An example of an allowed situation would be when several different emergency response organizations respond to a hazardous situation that requires the use of their SCBA's. As the cylinder supplies are depleted, the appropriate approved cylinder may not be available for a particular SCBA when a life-saving response is required. Rather than waiting until the appropriate cylinder is obtained, the responder is permitted to use another manufacturer's cylinder provided it meets the specifications of the respirator manufacturer and has the same capacity and pressure rating. Although this, temporarily, voids NIOSH approval, OSHA believes the interchangeability of air cylinders is important enough to life safety of fire brigade members to permit it. After the emergency, OSHA expects employers to return their SCBA's to their original NIOSH-approved condition.

    In non-emergency situations, OSHA still expects SCBA's to be maintained and used in their approved condition.

    I hope this clarifies OSHA's position on the interchangeability of cylinders on SCBA's. If you have any questions or concerns, please contact [the Office of Health Enforcement at 202-693-2190].
    Last edited by Lieutenant387; 08-05-2007 at 04:28 PM.

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    Quote Originally Posted by DeputyMarshal View Post
    To be legal? Or isn't that important to any fly-by-night operation like you sound like you're willing to be a part of?

    You claim to be IAFF. I hope you aren't planning on putting these mongrel units on you union Brother's backs...
    Maybe reading what I said would have lowered your blood pressure. I said we were going to be potentially be using them for the air cart for confined space. I did not say anything about using them in any of our SCBA's.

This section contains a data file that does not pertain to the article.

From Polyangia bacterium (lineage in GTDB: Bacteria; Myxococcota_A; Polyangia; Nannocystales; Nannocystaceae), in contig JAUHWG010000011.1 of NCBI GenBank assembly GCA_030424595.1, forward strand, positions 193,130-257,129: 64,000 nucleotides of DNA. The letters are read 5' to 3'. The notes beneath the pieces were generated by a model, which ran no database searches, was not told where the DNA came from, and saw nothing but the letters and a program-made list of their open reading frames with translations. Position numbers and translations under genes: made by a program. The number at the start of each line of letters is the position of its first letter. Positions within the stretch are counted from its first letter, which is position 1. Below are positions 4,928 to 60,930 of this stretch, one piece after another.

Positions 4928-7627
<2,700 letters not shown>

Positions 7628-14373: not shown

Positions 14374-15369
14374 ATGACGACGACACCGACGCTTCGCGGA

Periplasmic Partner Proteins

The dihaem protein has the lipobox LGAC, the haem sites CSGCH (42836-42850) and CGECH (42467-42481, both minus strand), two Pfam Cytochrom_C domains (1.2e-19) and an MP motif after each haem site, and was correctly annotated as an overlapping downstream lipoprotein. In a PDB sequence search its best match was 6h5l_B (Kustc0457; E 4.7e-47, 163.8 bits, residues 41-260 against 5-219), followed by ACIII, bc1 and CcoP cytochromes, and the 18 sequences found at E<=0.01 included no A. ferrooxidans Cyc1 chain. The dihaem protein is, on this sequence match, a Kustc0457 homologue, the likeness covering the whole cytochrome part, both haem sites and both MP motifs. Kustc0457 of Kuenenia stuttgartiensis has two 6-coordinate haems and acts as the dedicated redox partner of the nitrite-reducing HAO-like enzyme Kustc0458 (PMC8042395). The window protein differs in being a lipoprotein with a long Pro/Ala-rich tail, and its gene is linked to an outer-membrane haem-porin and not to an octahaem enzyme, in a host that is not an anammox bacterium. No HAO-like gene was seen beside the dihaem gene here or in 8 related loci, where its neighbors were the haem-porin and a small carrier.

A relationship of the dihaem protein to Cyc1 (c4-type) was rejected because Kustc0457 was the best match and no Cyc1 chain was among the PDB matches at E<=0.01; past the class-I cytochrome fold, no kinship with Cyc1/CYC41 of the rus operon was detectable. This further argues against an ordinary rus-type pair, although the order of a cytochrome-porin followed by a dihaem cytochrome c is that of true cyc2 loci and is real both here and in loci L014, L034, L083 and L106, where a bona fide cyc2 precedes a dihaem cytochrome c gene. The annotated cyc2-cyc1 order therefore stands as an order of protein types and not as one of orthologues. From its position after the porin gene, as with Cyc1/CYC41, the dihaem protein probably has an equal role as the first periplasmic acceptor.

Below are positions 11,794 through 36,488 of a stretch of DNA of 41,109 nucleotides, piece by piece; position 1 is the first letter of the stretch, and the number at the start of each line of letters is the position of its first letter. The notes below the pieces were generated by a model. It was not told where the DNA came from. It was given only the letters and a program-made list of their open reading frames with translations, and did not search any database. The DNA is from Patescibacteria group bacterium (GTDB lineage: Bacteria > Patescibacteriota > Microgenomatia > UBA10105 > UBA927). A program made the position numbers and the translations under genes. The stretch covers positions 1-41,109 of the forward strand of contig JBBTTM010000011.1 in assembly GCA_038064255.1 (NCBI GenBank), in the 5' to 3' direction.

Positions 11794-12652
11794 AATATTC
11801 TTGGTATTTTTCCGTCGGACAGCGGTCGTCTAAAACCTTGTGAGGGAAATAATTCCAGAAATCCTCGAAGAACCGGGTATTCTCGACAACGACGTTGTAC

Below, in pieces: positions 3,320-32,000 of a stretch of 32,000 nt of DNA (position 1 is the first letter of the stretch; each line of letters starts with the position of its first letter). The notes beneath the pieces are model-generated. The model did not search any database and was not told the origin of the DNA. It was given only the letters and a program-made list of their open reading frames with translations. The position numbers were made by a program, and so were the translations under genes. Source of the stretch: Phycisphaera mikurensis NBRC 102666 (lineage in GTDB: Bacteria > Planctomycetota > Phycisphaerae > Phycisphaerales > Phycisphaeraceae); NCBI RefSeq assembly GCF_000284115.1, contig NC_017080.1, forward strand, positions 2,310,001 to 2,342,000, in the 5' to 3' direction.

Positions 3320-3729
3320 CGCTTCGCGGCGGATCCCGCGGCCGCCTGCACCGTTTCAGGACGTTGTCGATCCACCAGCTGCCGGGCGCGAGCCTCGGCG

Jason Brooks
    IAFF Local 2388
    IACOJ

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    Quote Originally Posted by jbrescue View Post
    I said we were going to be potentially be using them for the air cart for confined space.
    Nice try, but you said no such thing. You mentioned CSR, that's all.

    Quote Originally Posted by jbrescue View Post
    I did not say anything about using them in any of our SCBA's.
    Not that the use you now claim is any less of an issue.

    Give it up. You're just just looking to save money by cutting corners. You should work for management...
    "Nemo Plus Voluptatis Quam Nos Habant"

    The Code is more what you'd call "guidelines" than actual rules.

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    JB, AirCart or SCBA it shouldn't matter. I know you said SCI cylinders but everyone needs to be aware of "cheap" cylinders period should have a red flag attached to the red tag sale they are having. I know of a cylinder failure in a 60min carbon cylinder that had a ISI valve in it but came from that place in Canada named after our favorite fire dog breed, that had a rapid blow out where the valve o-ring meets the cylinder. Problem is it wasn't torqued correctly. It blew out just before the firefighter started an evolution at a regional fire school involving live fire. It looked like a problem with the SCBA manufacturer but in all reality it was the cheap cylinder from outside the US.

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    Quote Originally Posted by DeputyMarshal View Post
    Give it up. You're just just looking to save money by cutting corners. You should work for management...
    Not the case at all. We are trying to make our tech rescue budget go farther. We have a fixed budget, area team. The more we get from our money the better off we are.
    Jason Brooks
    IAFF Local 2388
    IACOJ